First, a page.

Some of us are over the moon on the Attorney General and the Minister of Justice’s conscious and forward-thinking decision to arraign some suspects in the botched Saglemi housing project before a competent court of jurisdiction.
In retrospect, in 2012, the Parliament of Ghana duly approved a loan of 200 million United States dollars, an equivalent of 1.2 billion Ghana cedis to build 5000 affordable housing units.
Regrettably, however, the erstwhile Mahama administration strangely readjusted the original contract on the blind side of the Parliament of Ghana and initially reduced the housing units to 1502 and further reduced to 1412.
What is more bizarre is that the outgone Mahama administration ridiculously used the 200 million United States dollars to build only 668 housing units.
If we do a simple arithmetic, 668 into $200 million will give us around $299,400. Do you call that affordable?
In fact, the Saglemi scandal is not an isolated incident. Somewhere in 2009, the Mills/Mahama administration promised that a certain STX Housing deal was going to provide about 200,000 affordable housing units to the country’s security agencies at an estimated cost of $10 billion.
However, due to the unpardonable negligence on the part of Mills/Mahama administration and the boardroom tussle between the project supervisors– STX Korea and GKA Airports Company Limited (STX Ghana), the deal unfortunately hit a dead-end.
Subsequently, President Mills had this to say during a press conference: “we have some difficulties with the STX project and as a president I am eating a humble pie to say that we are looking for alternatives.”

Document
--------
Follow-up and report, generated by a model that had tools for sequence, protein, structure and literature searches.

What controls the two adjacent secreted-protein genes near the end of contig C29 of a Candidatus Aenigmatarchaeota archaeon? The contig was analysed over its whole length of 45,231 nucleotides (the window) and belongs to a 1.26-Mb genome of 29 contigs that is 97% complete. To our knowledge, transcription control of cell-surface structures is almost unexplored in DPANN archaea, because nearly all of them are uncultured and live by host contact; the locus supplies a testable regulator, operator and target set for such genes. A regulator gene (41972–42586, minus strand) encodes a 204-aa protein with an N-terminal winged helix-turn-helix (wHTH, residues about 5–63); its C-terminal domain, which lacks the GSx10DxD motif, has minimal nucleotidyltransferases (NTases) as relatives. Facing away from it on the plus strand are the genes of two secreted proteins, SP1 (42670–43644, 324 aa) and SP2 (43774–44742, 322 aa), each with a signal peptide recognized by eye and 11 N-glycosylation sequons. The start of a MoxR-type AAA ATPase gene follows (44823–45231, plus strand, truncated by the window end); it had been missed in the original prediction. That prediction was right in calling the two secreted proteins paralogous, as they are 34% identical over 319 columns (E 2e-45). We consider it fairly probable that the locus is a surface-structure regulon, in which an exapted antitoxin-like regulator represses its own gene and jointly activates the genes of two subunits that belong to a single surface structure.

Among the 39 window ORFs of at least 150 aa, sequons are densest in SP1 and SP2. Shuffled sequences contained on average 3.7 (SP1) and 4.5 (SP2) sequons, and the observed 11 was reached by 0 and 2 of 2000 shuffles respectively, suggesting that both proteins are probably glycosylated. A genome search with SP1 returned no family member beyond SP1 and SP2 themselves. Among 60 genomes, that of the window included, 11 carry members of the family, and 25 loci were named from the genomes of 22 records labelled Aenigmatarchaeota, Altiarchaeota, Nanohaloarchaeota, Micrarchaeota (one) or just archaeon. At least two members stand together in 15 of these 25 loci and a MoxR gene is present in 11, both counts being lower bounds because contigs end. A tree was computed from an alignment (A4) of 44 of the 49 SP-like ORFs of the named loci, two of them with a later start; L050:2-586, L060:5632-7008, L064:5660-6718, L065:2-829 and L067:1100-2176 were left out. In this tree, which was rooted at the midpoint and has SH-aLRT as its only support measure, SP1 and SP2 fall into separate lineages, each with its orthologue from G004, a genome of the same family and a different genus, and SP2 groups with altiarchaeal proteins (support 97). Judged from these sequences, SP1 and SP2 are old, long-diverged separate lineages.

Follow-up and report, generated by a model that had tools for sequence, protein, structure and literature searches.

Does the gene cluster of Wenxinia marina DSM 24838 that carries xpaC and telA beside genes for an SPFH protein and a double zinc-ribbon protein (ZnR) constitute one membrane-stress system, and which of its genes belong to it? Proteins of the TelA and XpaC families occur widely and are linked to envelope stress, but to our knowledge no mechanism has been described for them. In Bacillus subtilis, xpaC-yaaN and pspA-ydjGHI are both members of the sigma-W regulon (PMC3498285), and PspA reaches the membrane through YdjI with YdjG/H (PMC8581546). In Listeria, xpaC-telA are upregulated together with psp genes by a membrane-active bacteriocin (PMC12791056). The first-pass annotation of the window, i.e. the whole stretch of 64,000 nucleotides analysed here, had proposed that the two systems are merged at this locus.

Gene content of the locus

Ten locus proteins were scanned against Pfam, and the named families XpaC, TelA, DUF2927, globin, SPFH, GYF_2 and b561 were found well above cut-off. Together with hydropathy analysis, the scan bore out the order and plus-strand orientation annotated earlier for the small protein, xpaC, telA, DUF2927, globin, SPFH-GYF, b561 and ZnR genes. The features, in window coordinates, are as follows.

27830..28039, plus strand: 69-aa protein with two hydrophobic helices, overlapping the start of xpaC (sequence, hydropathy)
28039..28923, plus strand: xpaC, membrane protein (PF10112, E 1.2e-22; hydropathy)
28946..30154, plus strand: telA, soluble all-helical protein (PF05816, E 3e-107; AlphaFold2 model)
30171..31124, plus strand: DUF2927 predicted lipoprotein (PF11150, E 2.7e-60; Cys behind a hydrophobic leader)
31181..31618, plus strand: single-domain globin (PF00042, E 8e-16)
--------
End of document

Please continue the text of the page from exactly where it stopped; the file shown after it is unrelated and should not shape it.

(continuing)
Somehow, it was later reported that Ghana had allegedly lost a staggering $300 million in spite of the fact that the deal did not materialise.
Interestingly, however, sources had it that at all material times, it was the then vice president, John Dramani Mahama’s office that handled issues concerning the STX Housing deal.
Strangely though, President Mills of blessed memory seemed apocalyptic about the whole deal, judging from his state of the nation address in 2010, when he had this to say: “the Vice President had travelled to Seoul, Korea, to nail the coffin' of STX.”
We can, recollect, albeit with extreme sadness, that although the STX Housing loan agreement which was supposed to provide affordable housing units to the security agencies did not materialise, and yet the then vice president, John Dramani Mahama, is alleged to have given us a bill in excess of $300 million. How strange?
In a related development, after the failed deal with STX to build 200,000 housing units for the nation's security agencies, the NDC government entered into another deal with the GUMA Group for the construction of 500 housing units.
The deal which was alleged to have negotiated by the then vice president, John Dramani Mahama, was widely criticised by various stakeholders, just as the STX deal, following the decision to side-line local construction firms in favour of the foreign company. The unusually high cost of the project was also a source of concern to many.
Some observers thus believe that it was due to the countless dubious agreements which made Ghana’s debt ballooned from an arguable meagre GH9.5 billion in 2009 to an incredible GH122.4 billion by December 2016 with a little to show for.
Don’t get me wrong, dearest reader, there is absolutely nothing wrong to borrow money and invest it prudently. However, there is everything wrong with reckless borrowing.